- smoking was the most influential lifestyle factor: at 45 years old, smokers would be expected to live 5-6 years less than non-smokers
- regular physical activity boosted life expectancy by between 0.9 years (in women without multiple conditions) and 2.5 years (for men with multiple conditions)
- healthy diet and alcohol intake showed less certain effects on life expectancy.
Overall, the researchers concluded that a healthy lifestyle can reduce the impact of multiple conditions on life expectancy.
Why is this important?
The key finding is that a healthy lifestyle is equally important for everyone, whether they have multiple conditions or not. Age is a strong risk factor; even so, young and middle-aged adults who live in deprived areas are the most likely to have multiple conditions. Engaging in a healthy lifestyle could be more difficult for people in this group.
The study also found that certain lifestyle factors, such as smoking and physical activity, were more damaging than others. Public health policies and healthcare professionals could therefore focus on these lifestyle habits. This study suggests this approach would have more impact than costly strategies to address multiple risk factors.
Reporting the number of years of life that could be gained through healthy living, provides a strong and clear message. It could motivate people with multiple conditions to make changes to their lifestyle. Public health campaigns could use the numbers from this study to help communicate the importance of not smoking, and of taking regular exercise.
Future research could look at clusters of conditions: lifestyle factors could have a different impact on someone with heart disease and diabetes, compared to someone with depression and migraine.
Most participants in this study (94.8%) were White British, who have a longer life expectancy than the whole population. Further work could look at lifestyles among more diverse groups, in which more years are likely to be gained by healthy living.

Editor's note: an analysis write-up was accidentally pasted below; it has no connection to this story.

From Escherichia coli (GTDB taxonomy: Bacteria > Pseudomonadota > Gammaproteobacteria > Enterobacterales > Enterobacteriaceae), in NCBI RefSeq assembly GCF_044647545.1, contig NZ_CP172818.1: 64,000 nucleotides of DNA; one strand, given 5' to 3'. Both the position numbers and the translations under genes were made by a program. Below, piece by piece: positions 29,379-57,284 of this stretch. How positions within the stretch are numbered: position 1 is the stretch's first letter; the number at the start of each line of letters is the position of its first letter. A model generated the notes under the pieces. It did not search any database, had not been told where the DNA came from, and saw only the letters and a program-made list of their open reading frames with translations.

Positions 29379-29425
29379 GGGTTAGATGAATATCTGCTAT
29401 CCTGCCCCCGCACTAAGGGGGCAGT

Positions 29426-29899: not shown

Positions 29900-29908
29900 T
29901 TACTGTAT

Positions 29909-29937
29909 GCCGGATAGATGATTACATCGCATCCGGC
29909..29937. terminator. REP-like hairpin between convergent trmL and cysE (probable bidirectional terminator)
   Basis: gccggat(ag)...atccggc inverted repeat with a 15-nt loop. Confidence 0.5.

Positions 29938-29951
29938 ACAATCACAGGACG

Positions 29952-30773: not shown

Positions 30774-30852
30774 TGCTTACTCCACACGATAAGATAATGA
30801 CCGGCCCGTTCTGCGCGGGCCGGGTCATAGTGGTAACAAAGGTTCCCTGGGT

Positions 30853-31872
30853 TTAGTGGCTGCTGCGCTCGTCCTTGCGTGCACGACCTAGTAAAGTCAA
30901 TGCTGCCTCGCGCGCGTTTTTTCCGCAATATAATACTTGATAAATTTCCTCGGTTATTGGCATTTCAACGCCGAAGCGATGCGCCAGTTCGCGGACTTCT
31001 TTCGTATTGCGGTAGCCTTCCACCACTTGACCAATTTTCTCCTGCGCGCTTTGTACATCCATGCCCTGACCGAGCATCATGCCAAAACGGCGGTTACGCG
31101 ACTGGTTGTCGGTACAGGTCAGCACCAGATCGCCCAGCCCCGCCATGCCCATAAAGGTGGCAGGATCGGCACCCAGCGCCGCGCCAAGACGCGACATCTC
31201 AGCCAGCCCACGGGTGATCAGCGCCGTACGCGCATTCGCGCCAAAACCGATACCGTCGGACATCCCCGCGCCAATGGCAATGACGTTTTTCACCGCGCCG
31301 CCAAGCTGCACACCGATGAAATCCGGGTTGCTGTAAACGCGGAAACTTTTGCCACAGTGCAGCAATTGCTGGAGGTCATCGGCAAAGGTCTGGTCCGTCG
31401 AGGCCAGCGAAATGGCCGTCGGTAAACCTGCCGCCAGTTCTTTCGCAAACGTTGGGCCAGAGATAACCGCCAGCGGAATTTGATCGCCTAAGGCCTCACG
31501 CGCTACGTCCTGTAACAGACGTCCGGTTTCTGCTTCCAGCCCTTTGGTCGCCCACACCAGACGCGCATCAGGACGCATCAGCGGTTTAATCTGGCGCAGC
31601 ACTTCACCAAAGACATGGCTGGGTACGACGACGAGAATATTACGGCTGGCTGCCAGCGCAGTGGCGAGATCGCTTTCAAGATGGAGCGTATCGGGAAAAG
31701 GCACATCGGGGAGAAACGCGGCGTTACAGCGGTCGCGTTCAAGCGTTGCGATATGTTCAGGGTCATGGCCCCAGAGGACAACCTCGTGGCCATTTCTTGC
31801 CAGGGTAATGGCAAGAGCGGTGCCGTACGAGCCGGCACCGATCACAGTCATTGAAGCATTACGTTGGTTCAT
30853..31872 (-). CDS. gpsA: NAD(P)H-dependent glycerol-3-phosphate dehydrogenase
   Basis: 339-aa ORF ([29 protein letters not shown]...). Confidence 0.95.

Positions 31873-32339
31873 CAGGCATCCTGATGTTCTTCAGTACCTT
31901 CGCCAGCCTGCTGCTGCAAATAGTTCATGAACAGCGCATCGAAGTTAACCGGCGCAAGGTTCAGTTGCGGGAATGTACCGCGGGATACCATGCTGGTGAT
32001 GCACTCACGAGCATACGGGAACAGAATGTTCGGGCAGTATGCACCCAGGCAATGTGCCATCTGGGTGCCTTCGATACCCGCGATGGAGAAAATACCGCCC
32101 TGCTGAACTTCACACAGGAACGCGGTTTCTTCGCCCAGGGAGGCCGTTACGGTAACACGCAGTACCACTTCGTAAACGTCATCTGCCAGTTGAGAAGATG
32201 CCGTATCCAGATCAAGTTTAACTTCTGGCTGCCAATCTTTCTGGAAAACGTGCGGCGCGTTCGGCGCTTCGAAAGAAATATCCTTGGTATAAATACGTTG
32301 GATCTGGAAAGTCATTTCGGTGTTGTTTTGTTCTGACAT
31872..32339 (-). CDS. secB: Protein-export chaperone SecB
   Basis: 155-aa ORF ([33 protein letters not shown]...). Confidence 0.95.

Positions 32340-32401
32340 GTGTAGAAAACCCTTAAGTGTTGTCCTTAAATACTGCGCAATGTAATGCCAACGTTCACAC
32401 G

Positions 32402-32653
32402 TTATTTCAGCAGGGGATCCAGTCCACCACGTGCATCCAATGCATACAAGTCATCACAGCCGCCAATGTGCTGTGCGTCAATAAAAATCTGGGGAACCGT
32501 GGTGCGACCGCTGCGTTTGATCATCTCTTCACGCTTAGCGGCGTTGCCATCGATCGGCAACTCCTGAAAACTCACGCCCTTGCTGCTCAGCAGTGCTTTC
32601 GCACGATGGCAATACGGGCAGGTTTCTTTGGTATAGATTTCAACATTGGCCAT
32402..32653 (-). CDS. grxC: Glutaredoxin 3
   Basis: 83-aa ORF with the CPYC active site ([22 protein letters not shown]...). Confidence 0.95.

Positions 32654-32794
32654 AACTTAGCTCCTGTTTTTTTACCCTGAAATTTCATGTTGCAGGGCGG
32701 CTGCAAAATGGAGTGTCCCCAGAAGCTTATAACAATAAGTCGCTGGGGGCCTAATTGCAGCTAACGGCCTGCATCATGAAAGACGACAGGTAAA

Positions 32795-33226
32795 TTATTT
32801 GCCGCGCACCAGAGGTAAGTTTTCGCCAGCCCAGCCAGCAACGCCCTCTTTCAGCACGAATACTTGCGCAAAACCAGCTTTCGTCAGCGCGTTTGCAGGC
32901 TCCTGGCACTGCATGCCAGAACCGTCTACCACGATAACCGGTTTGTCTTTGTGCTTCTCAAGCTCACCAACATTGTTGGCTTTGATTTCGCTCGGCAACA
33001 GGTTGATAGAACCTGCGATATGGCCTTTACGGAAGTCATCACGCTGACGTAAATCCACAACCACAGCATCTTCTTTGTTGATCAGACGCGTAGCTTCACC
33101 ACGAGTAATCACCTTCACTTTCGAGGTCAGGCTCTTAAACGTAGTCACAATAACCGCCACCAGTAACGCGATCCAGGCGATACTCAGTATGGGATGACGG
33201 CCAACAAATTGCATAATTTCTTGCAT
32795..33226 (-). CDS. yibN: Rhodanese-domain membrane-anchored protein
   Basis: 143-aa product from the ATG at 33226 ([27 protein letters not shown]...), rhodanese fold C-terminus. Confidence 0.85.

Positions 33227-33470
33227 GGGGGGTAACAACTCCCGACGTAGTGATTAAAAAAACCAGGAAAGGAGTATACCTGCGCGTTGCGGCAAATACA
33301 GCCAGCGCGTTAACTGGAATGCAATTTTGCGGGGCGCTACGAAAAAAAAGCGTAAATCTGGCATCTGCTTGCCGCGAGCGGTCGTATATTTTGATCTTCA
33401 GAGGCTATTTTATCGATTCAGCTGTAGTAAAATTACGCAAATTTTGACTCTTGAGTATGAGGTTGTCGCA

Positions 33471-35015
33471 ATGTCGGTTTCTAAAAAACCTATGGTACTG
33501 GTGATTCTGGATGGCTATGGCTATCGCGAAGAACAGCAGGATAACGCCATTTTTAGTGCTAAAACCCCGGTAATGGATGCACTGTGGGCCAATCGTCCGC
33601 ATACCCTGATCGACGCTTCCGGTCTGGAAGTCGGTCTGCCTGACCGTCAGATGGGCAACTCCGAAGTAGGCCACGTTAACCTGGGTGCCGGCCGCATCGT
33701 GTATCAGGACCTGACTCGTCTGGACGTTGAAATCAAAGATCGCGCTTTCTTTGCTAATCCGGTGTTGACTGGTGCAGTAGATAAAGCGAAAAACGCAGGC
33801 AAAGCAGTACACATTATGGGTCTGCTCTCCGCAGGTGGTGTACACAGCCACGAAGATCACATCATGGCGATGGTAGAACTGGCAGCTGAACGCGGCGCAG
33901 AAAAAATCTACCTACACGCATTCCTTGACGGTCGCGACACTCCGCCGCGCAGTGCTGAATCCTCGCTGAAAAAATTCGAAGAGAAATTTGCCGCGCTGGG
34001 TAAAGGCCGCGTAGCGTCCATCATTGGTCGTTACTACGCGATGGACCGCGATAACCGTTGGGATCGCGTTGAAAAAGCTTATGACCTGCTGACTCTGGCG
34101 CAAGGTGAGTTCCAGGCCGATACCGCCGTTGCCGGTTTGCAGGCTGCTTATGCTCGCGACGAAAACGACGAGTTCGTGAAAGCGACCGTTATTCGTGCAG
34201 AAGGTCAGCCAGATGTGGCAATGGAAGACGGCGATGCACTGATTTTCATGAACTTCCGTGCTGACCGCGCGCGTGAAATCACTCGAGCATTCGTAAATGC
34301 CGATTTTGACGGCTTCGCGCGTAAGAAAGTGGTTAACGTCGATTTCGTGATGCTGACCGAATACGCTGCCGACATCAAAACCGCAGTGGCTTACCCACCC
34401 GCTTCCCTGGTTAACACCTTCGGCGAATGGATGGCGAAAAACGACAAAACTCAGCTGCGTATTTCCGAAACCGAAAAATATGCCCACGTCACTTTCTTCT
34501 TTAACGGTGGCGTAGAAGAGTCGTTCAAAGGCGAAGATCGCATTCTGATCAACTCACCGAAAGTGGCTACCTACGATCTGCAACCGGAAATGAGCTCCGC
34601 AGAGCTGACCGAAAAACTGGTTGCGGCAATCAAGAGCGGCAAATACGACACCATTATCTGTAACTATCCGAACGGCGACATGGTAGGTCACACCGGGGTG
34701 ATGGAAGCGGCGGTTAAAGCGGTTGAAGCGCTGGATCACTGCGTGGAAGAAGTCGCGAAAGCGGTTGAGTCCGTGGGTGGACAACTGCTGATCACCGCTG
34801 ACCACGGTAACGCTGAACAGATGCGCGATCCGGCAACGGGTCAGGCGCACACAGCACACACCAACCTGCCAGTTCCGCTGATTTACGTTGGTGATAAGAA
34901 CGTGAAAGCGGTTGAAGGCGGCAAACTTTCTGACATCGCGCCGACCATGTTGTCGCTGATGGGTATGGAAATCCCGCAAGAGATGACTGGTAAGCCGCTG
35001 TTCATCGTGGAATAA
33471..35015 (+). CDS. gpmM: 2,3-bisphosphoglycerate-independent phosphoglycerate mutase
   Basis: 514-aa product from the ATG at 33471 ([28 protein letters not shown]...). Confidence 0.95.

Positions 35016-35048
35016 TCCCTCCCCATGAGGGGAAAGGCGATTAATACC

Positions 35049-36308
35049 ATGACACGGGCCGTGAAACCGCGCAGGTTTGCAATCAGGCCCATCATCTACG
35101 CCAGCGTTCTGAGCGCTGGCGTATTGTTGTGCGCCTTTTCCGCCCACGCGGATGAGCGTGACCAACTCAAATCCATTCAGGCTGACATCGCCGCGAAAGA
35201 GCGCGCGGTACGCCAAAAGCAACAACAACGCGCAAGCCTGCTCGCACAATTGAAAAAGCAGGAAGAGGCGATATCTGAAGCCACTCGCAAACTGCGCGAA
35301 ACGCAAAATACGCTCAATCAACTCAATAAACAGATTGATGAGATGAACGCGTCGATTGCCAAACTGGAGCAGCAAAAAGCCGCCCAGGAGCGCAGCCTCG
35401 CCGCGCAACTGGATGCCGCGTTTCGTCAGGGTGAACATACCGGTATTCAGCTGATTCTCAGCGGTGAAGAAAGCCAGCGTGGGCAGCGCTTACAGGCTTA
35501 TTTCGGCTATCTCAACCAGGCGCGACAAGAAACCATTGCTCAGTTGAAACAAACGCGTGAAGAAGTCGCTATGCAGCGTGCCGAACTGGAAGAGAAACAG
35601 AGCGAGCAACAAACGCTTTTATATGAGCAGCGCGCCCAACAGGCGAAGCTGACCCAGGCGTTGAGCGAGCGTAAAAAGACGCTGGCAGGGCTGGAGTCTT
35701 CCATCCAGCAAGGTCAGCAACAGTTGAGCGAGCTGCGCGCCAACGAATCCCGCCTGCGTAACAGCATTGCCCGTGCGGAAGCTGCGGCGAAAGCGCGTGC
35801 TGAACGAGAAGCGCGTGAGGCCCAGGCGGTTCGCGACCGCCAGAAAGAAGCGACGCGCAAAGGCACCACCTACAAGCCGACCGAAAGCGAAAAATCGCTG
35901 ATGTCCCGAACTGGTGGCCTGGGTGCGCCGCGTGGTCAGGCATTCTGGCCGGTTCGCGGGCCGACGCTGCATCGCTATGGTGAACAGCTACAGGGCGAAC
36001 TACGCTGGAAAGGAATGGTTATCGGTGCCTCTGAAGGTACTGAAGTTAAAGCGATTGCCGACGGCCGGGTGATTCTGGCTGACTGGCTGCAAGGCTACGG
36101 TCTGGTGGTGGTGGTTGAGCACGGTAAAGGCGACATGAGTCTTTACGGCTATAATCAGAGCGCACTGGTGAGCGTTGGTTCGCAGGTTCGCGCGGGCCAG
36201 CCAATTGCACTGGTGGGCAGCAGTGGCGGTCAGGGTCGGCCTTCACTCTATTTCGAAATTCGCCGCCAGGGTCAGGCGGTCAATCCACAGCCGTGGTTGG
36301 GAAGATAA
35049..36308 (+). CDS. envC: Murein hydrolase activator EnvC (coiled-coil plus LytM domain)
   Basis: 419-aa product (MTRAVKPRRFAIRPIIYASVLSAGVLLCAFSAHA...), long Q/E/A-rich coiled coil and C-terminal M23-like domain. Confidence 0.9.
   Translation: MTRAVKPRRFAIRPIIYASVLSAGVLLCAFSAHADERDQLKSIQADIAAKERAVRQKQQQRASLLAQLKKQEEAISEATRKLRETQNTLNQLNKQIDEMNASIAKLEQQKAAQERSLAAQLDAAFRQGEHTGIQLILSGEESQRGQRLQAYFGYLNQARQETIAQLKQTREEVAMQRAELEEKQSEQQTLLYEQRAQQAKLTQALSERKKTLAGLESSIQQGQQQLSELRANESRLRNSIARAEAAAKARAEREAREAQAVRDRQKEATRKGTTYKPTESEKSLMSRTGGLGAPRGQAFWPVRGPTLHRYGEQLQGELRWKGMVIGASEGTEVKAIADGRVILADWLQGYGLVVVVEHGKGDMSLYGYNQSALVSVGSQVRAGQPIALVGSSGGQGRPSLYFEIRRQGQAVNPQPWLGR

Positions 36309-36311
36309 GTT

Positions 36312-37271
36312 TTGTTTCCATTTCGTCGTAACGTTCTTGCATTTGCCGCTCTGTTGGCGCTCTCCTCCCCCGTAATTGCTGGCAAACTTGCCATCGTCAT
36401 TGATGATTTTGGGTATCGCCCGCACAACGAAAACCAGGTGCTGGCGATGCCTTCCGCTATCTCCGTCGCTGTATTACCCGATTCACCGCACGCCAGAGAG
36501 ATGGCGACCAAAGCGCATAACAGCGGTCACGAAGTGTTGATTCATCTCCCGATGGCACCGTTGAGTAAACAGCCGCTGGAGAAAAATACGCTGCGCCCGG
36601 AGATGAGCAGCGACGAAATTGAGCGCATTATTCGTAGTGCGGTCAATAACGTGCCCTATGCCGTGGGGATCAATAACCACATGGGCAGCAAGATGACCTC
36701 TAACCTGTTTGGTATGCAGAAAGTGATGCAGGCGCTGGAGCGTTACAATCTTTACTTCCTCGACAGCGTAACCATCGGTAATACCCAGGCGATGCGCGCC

Other lifestyle factors that could have an independent impact on life expectancy should be considered. They include sleep, time spent being inactive, and the consumption of red and processed meat, sodium and sugary drinks. Prioritising research on lifestyle behaviours among people with multiple conditions could improve the health of the population and decrease pressure on the NHS.
You may be interested to read
The full paper: Chudasama Y, and others. Healthy lifestyle and life expectancy in people with multimorbidity in the UK Biobank: a longitudinal cohort study. PLOS Medicine 2020;17:9
A call for action on multimorbidity by UK Governments and Royal Colleges: Whitty C, and others. Rising to the challenge of multimorbidity. BMJ 2020;368:l6964
A report by the Academy of Medical Sciences on multimorbidity, which summarises the existing evidence about the burden, determinants, prevention, and treatment of multimorbidity, as well as identifying areas of weakness in which further research is required.
Funding: This project was supported by NIHR Applied Research Collaboration (ARC) East Midlands.
Conflicts of Interest: Several authors have received funds from pharmaceutical companies.